What you need to know about the right to education?
Social distancing in a class to contain the spread of coronavirus. Source: Internet
Human Rights Day is observed on December 10. This year, kicks off a year-long campaign leading up to the 72nd anniversary of the adoption of the Universal Declaration of Human Rights, which set outs fundamental human rights, including education, to be universally protected.
Did you know that the Declaration is one of the most translated documents in the world, available in more than 500 languages?
Article 26 of the Declaration is about the right to education:
- Everyone has the right to education. Education shall be free, at least in the elementary and fundamental stages. Elementary education shall be compulsory. Technical and professional education shall be made generally available and higher education shall be equally accessible to all on the basis of merit.
- Education shall be directed to the full development of the human personality and to the strengthening of respect for human rights and fundamental freedoms. It shall promote understanding, tolerance and friendship among all nations, racial or religious groups, and shall further the activities of the United Nations for the maintenance of peace.
- Parents have a prior right to choose the kind of education that shall be given to their children.
Why is education a fundamental human right?
The right to education is a human right and indispensable for the exercise of other human rights.
- Quality education aims to ensure the development of a fully-rounded human being.
- It is one of the most powerful tools in lifting socially excluded children and adults out of poverty and into society. UNESCO data shows that if all adults completed secondary education, globally the number of poor people could be reduced by more than half.
- It narrows the gender gap for girls and women. A UN study showed that each year of schooling reduces the probability of infant mortality by 5 to 10 per cent.
- For this human right to work there must be equality of opportunity, universal access, and enforceable and monitored quality standards.
What does the right to education entail?
- Primary education that is free, compulsory and universal
- Secondary education, including technical and vocational, that is generally available, accessible to all and progressively free
- Higher education, accessible to all on the basis of individual capacity and progressively free
- Fundamental education for individuals who have not completed education
- Professional training opportunities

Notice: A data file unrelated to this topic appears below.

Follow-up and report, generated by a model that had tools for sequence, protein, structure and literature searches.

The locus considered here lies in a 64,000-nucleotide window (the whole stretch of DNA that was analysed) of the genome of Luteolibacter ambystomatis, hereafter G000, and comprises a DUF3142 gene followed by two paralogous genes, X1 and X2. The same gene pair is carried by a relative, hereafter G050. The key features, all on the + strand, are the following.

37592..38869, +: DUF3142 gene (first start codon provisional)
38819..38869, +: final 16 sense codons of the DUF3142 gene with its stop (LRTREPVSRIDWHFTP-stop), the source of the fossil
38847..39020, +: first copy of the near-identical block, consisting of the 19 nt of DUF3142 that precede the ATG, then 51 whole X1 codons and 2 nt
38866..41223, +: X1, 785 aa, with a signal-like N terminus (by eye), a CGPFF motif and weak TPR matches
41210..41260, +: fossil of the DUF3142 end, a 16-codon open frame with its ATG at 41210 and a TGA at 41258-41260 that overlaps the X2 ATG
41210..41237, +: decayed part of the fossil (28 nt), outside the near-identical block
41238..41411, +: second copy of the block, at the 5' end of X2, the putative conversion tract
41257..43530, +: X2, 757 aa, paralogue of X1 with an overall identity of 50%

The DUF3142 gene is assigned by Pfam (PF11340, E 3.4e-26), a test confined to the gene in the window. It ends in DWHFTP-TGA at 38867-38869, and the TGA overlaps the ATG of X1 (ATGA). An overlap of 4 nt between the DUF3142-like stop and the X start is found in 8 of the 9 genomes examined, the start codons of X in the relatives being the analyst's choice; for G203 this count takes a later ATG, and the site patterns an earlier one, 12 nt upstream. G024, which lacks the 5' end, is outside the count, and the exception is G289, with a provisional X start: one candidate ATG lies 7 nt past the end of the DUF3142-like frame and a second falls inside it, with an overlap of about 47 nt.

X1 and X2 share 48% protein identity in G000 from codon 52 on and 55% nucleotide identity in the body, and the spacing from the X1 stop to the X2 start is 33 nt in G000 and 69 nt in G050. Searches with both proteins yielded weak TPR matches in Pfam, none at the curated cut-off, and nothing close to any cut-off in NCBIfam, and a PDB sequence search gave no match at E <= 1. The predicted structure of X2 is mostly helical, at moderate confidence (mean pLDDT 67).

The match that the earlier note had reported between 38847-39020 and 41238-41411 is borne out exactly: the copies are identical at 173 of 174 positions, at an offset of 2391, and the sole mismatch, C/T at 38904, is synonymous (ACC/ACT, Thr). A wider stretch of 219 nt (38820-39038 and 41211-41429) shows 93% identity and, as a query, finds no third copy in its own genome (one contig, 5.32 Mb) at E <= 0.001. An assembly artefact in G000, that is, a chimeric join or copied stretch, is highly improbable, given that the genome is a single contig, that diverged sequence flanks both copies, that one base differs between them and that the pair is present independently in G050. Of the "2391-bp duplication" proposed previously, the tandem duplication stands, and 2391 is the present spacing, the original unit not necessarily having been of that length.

- Equal quality of education through minimum standards
- Quality teaching and supplies for teachers
- Adequate fellowship system and material condition for teaching staff
- Freedom of choice
What is the current situation?
- About 258 million children and youth are out of school, according to UIS data for the school year ending in 2018. The total includes 59 million children of primary school age, 62 million of lower secondary school age and 138 million of upper secondary age.
155 countries legally guarantee 9 years or more of compulsory education
- Only 99 countries legally guarantee at least 12 years of free education
- 8.2% of primary school age children does not go to primary school Only six in ten young people will be finishing secondary school in 2030 The youth literacy rate (15-24) is of 91.73%, meaning 102 million youth lack basic literacy skills.
Teachers and students at Cu Dong school in Quang Tri province, Vietnam. Photo: NDO/Lam Quang Huy
What are the major challenges to ensure the right to education?
- Providing free and compulsory education to all
- 155 countries legally guarantee 9 years or more of compulsory education.
- Only 99 countries legally guarantee at least 12 years of free education.
- Eliminating inequalities and disparities in education
While only 4% of the poorest youth complete upper secondary school in low-income countries, 36% of the richest do. In lower-middle-income countries, the gap is even wider: while only 14% of the poorest youth complete upper secondary school, 72% of the richest do.
- Migration and displacement
According to UNHCR, about 4 million 5- to 17-year-old refugees were out of school in 2017.
- Privatization and its impact on the right to education
States need to strike a balance between educational freedom and ensuring everyone receives a quality education.
- Financing of education
The Education 2030 Agenda requires States to allocate at least 4-6 per cent of GDP and/or at least 15-20 per cent of public expenditure to education.
- Quality imperatives and valuing the teaching profession
Two-thirds of the estimated 617 million children and adolescents who cannot read a simple sentence or manage a basic mathematics calculation are in the classroom.